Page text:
The accuracy of the estimation of birth rate in wild boar by counting foetuses in the uterus of killed animals could be reduced by two factors. First, the condition that the age composition of the killed animals should represent the age composition of the population was hardly met. Secondly, the estimation error could be further undermined by the eventual prenatal mortality in the late stages of the pregnancy.
In general, 100 * (No. of corpora lutea - No. of foetus or embryo)/No of corpora lutea is interpreted as intrauterine loss (Mauget 1972, Abaigar 1992). However, in two of the 31 cases, we found more foetuses than corpora lutea. If we suppose, that a higher number of foetuses than of corpora lutea is a consequence of the occurrence of identical twins, we should expect a slightly higher embryo:foetus mortality rate than the one calculated on the basis of foetus: corpus luteum ratio.
In our study, we had approximately 12% less foetuses than corpora lutea. This value lies fairly close to the result of -14% reported by Mauget (1972), but lies much lower than the -30.6% reported by Abaigar (1992). The results of Aumaitre, Quere & Peiniau (1984) show that in years with good versus bad acorn availability, an embryonic mortality of 11–11.3% and 13.8–14.6%, respectively, should be expected. Thus, it seems likely that embryonic mortality depends on food availability, and may fluctuate between the various populations.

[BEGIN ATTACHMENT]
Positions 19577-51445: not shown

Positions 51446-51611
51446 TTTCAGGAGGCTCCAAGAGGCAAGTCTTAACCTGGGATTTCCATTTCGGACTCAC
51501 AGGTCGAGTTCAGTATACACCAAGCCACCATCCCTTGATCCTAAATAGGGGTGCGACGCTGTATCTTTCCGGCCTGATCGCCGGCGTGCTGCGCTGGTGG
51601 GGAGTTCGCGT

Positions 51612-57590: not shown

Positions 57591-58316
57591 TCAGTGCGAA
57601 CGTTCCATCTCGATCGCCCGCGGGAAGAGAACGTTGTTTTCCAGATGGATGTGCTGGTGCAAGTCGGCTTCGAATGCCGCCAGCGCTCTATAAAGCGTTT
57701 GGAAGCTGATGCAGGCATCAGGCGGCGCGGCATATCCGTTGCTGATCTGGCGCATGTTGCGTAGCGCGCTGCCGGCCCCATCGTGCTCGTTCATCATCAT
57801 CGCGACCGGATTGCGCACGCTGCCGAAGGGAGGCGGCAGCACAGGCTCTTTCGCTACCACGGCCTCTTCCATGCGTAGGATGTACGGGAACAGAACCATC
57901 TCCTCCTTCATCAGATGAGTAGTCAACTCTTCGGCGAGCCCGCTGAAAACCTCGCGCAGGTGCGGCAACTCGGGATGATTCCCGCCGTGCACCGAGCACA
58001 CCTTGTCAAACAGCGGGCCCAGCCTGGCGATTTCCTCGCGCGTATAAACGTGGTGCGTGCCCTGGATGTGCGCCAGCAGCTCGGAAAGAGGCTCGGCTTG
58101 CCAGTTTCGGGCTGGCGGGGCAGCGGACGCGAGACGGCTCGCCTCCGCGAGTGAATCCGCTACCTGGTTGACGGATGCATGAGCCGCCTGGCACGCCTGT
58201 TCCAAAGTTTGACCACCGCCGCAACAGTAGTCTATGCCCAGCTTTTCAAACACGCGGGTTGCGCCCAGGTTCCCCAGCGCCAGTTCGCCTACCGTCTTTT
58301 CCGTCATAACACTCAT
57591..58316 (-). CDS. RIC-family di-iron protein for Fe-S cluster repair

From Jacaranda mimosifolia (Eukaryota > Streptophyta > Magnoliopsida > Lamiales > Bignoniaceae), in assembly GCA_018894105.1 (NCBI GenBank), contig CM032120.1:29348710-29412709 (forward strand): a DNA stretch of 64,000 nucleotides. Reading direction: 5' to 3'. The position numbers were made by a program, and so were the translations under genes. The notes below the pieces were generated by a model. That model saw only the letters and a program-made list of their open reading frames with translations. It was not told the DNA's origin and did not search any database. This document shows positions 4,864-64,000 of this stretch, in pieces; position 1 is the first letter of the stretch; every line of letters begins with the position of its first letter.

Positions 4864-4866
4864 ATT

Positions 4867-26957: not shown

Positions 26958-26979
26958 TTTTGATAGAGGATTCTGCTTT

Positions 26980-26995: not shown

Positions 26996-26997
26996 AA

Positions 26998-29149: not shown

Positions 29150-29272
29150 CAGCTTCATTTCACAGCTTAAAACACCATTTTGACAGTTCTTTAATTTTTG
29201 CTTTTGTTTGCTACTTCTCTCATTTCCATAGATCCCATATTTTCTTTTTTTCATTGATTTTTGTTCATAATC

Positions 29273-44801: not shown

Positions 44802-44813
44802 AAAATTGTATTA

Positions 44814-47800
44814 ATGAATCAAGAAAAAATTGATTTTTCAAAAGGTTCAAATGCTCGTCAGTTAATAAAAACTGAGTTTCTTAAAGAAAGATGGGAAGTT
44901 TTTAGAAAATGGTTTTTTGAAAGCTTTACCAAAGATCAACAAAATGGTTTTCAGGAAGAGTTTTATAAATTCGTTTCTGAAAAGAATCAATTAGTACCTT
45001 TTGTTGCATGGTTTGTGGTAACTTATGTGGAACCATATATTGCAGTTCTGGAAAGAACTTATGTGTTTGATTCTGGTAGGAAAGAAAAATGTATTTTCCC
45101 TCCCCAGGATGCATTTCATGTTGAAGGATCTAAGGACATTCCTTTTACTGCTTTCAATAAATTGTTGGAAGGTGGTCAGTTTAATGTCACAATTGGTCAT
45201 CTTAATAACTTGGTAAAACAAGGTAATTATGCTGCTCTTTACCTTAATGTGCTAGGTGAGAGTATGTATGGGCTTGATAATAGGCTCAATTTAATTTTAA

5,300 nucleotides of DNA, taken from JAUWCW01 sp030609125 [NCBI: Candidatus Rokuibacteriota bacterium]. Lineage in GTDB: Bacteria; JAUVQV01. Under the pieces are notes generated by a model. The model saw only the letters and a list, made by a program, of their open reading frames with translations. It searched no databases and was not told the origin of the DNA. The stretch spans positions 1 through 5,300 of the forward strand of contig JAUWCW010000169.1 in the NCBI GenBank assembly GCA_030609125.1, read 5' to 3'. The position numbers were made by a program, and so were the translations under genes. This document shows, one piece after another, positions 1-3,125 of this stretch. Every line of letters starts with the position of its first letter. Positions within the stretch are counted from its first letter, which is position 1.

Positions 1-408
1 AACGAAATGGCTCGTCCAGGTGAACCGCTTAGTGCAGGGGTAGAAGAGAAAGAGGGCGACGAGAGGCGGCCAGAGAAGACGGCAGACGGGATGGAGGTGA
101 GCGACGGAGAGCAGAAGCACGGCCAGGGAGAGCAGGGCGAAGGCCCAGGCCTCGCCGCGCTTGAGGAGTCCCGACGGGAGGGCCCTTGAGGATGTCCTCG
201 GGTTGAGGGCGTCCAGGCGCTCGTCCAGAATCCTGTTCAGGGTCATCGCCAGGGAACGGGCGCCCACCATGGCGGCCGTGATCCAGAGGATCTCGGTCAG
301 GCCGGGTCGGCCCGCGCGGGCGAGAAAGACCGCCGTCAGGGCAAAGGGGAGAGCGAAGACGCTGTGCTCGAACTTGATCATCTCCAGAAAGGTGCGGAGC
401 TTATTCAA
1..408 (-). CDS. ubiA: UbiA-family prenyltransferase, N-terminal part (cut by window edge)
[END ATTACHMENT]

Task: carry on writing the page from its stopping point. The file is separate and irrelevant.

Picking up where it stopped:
Our results suggested that prenatal mortality will be higher in females with more numerous embryos. In females with 11 corpora lutea, prenatal mortality reached on average 20% of the number of embryos.
It is questionable whether the supplemental feeding with grain significantly affect the prenatal mortality or not. Groot Bruinderink & Hazebroek (1994) reported that negative effects of mast deficiency were masked by supplementary feeding. The quantity supplied in our study area was high, although the de facto eaten share was unknown. We neither know the quantity eaten by red deer and roe deer nor the quantity eaten by birds and rodents, and we also have to consider losses due to ‘trampling’ and other losses. Moreover, according to Groot Bruinderink & Hazebroek (1994), if non-fed boar in a poor mast year still had access to man-made resources, in particular game meadows, it could explain 86% of the reproduction rate. Our study area offered wild boar a wide spectrum of resources even in winter, such as agricultural fields, meadows and game fields. How-ever, further investigation based on analysis of stomach content is needed to determine the quantity of grain eaten by wild boar.